Heart Attack Risk Rises During Daylight Saving Time Spring Forward

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A University of Michigan study published last year found the Monday following “spring forward” loss of one hour in March was associated with a 24 percent increase in daily heart attacks. The Tuesday following the time change in the Fall was associated with a 21 percent reduction in heart attacks. No other weekdays in the weeks following DST changes demonstrated significant associations.

Researchers assessed changes in admissions for Acute Myocardial Infarction (AMI) with percutaneous coronary intervention (PCI) in the Blue Cross Blue Shield of Michigan Cardiovascular Consortium database for the weeks following four Spring and three Fall DST changes between March 2010 and September 2013.

The researchers — Amneet Sandhu, Milan Seth, and Hitinder S. Gurm — explained that more than 1.5 billion people in 70 countries around the world observe daylight savings time (DST). In the USA, outside of Arizona and Hawaii, all citizens turn their clocks forward by one hour in the Spring and backwards by an hour in the Fall.

The researchers also pointed out that previous research has shown that manipulations of the sleep–wake cycle have been linked to imbalance of the autonomic nervous system, rise in proinflammatory cytokines and depression. Researchers also explained that work of prior researchers also shows that Monday already carries the highest of Acute Myocardial Infarction, which may be attributed to an abrupt change in the sleep–wake cycle and increased stress in relation to the start of a new work week.

The University of Michigan research received no specific grant from any funding agency in the public, commercial or not-for-profit sectors.

The spring forward day into Daylight Savings Time occurs in a time period that already includes extra stress on the cardiovascular system, namely time management stress from longer commute times associated with Winter weather, cold air inhalation, snow shoveling, seasonal affective disorder and depression, credit card debt following the holiday season, and looming income tax, and property tax payments. Some of these stresses are particularly exacerbating in Chicagoland.

PulsePoint App

With a free PulsePoint AED app in many areas of the United States, citizens can receive and view alerts on calls dispatched by fire department EMS services. The app’s main feature, and where its name comes from, is that it sends fire department alerts to users at the same time that dispatchers are sending the emergency medical call to emergency crews.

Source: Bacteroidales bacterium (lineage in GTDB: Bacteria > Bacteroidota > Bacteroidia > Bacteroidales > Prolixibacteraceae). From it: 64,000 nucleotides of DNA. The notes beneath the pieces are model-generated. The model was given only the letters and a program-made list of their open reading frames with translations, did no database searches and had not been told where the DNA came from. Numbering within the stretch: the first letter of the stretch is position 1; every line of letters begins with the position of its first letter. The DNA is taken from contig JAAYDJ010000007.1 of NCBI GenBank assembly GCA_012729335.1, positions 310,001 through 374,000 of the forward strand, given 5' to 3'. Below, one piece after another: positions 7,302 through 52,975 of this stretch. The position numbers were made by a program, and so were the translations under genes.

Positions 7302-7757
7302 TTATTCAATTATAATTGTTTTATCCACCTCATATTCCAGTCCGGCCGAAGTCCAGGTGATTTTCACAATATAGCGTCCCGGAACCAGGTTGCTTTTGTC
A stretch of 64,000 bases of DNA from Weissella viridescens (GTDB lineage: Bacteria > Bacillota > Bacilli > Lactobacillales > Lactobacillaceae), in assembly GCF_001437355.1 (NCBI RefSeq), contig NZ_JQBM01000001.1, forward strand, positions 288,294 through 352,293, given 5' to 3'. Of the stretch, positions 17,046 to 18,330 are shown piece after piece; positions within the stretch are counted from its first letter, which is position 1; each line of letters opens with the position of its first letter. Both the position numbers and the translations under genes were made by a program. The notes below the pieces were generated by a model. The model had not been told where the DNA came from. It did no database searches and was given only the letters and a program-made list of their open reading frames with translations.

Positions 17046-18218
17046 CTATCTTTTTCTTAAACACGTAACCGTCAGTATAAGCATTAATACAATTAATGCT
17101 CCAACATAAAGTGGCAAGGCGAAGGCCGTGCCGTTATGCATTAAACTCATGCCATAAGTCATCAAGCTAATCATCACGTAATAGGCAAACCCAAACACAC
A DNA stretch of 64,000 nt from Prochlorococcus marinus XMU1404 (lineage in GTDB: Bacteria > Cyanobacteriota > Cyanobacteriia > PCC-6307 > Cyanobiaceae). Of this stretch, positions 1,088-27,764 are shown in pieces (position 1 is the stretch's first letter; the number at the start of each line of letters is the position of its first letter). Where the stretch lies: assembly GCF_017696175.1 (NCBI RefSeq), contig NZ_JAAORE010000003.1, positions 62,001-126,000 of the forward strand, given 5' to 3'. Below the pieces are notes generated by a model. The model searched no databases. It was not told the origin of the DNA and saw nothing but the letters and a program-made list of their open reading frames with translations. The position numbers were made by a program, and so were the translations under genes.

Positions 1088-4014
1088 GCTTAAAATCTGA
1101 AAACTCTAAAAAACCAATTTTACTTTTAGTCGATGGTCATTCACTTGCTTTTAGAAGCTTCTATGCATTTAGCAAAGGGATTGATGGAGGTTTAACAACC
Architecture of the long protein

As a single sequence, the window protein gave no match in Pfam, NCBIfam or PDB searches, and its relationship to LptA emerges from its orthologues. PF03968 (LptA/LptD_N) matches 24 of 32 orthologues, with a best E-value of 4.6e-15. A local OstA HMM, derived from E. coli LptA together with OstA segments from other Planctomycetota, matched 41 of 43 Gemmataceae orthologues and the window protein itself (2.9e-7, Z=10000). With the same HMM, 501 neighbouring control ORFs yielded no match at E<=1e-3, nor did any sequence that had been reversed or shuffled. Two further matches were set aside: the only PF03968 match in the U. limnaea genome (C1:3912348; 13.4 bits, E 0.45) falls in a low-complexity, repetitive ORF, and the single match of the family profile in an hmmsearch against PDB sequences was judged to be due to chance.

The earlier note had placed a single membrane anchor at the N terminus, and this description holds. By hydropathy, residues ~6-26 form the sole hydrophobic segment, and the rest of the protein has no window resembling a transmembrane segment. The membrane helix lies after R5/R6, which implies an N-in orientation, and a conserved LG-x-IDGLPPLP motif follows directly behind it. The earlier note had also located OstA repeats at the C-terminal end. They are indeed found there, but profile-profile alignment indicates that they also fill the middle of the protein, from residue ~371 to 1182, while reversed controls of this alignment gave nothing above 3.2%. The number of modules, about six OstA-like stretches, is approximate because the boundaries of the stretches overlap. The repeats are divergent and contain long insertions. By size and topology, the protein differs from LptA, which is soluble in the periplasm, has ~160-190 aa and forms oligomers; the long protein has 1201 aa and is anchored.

This is a Public Service Announcement (PSA) to raise awareness about an innovative new location-aware mobile application (iPhone and Android) from the PulsePoint Foundation. The app empowers everyday citizens to provide life-saving assistance to victims of Sudden Cardiac Arrest (SCA). Application users who have indicated they are trained in cardiopulmonary resuscitation (CPR) can now be notified if someone nearby is having a cardiac emergency and may require CPR (NOT AVAILABLE IN ILLINOIS).

The goal of the PulsePoint app is to increase the possibility that a victim in cardiac arrest will receive cardiopulmonary resuscitation (CPR) quickly and AED administration. The app uses the current location of a qualified user/subscriber and will alert the user if someone in their vicinity is in need of CPR. The app, which interfaces with a fire departments dispatch center, sends notifications to users only if the victim is in a public place and only to users that are in the immediate vicinity of the emergency.

The Los Angeles Fire Department (LAFD) formally launched PulsePoint on Wednesday, March 4th at an event at Woodrow Wilson High School in El Sereno where 120 students became CPR trained. Fire Chief Ralph M. Terrazas was joined by Los Angeles Mayor Eric Garcetti, LAUSD ESC-East Superintendent Roberto Martinez, PulsePoint Foundation President Richard Price and The Wireless Foundation Executive Director Athena Polydorou to discuss the LAFD’s rollout of the free PulsePoint app.

— PulsePoint

Each agency can supply their own audio feed for use in the app (or can choose to use an existing public feed if available). Originating an official agency feed requires about $700 in hardware and a free account on RadioReference.com. Streaming radio feeds are optional.

As of January 15, 2015, there are 759 fire departments or EMS agencies in the United States that are PulsePoint Connected. Not a single fire department or EMS agency in the State of Illinois is PulsePoint-connected. There are 36 PulsePoint-connected fire departments in Wisconsin. There are 139 PulsePoint fire departments in California — including Los Angeles Fire Department.

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